Does Congress need to be "shaken, not stirred?" The 2010 elections sent Tea Party supporters to Congress in impressive numbers and stirred up Washington politics, so much so that the president and his fellow Democrats are blaming them for our nation's economic woes. The question then is, was this a flash in the pan or a sign of things to come? Congressional approval is at an all-time low and the administration isn't doing much better.
The "good-old-boy" network, seniority system, and lobbyists' money are blamed by many voters for the lack of confidence in our elected representatives. The number of years a congressperson has accumulated in office is an important factor in determining committee assignments.
A look at who has been in Congress the longest reveals some interesting information. In the House of Representatives, there are 14 members still serving with 36 years or more. John Dingell of Michigan leads with 55 years and counting. Sen. Robert C. Byrd of West Virginia, who died at age 92 in 2010, holds the all time record of 57 years. Both are Democrats.
In the Senate, 18 of the 26 longest-serving senators are Democrats. They also account for eight of the top 10 spots. Republican Sen. Orrin Hatch is number 24 on that list with 34 years. Senator Hatch is 77 years old and will be up for re-election next year. His critics make an issue of his long tenure and age. Other notables with long service are Sen. Daniel K. Inouye of Hawaii who has 48 years; and Ted Kennedy had 46 years. Sen. Strom Thurmond of North Carolina, who had his 100th birthday while still in office, completed 47 years in Congress. He died six months later; he had been a Democrat until 1964 when he switched to Republican. With this kind of record, it's no wonder that in 1997 when a Joint House Senate committee studied term limits their response was, "we don't need no stinking term limits" or words to that effect.
Longevity doesn't tell the whole story; effectiveness is a critical factor and it all depends on how you define effective. All too often a major consideration has been the amount of "pork" delivered to constituents in the state or district. This has contributed to our current financial mess. Money spent or promises made primarily for the purpose of getting re-elected without considering the future costs and affordability also has contributed.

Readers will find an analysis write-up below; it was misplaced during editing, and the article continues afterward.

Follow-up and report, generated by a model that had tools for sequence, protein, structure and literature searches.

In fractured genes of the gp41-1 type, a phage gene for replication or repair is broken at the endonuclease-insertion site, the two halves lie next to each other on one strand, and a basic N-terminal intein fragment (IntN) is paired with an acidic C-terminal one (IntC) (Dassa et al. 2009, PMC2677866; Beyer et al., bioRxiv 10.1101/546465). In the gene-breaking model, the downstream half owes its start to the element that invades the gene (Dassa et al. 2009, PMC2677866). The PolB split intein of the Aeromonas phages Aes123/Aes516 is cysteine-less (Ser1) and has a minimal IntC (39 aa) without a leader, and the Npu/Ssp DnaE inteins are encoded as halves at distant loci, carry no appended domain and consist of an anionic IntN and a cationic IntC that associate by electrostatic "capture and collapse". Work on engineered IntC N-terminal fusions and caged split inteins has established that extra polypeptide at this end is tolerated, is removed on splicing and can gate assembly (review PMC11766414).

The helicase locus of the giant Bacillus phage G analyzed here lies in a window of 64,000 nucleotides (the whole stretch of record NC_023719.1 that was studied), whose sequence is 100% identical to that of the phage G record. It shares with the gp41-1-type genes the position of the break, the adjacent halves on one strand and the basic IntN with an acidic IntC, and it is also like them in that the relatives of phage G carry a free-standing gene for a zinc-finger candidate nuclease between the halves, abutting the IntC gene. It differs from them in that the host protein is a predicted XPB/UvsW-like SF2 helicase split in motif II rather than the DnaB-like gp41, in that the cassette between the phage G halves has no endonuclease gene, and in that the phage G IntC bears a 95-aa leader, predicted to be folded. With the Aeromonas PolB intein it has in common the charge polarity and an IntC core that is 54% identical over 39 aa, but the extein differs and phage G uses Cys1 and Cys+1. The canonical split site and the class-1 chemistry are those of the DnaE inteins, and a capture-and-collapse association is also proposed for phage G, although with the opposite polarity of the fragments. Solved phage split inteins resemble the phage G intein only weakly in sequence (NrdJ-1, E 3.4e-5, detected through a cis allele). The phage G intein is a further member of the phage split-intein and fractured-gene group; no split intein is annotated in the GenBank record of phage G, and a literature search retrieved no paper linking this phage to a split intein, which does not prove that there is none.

If Senator Hatch is successful in his bid for a seventh term he will serve 42 years, which won't be even close to the record. It's quite reasonable to believe that the good senator considered several factors in deciding to seek re-election. Health and ability would have been high on the list as well as family considerations. He certainly would have considered whether or not he could serve the people of Utah without compromise. He would have asked if it is time to let a younger man or woman take up the burden of effective representation.
If Hatch's record in the first part of the 112th Congress is considered, it tends to support another term. So far this year, he has sponsored 17 bills and co-sponsored another 53 covering a wide range of issues. Bills included are: a balanced budget amendment, protecting children from pornographers, protecting western lands, and right to work laws. Senator Hatch is a man of great stamina and quick wit. He is both dignified and genuinely caring and friendly.
Observing him at town hall meetings or Republican gatherings and other functions, we come away with respect for his wealth of knowledge and the ability to meet the people and inspire confidence. Still, there is the question of "professional politician" that lingers for Hatch's detractors. They wonder if he is part of the problem or part of the solution relative to Congress' extremely low job approval. They and others wonder if Congress needs to be "shaken, not stirred."
Arguing in favor of the performance of Congress is like arguing for approval of the Obama administration's position on the economy which is -- "sure unemployment is high, so are taxes and the national debt and businesses are struggling but, we saved the economy from a total melt down." The question is; how do you prove it?
If we are honest we would recognize that far too many in the U.S. have a cavalier attitude about our responsibility in a representative government. We should ask whether we are part of the solution or part of the problem. And, in the words of "007," do we need to be shaken, not stirred?
Reynolds, a business owner, lives in Pleasant View.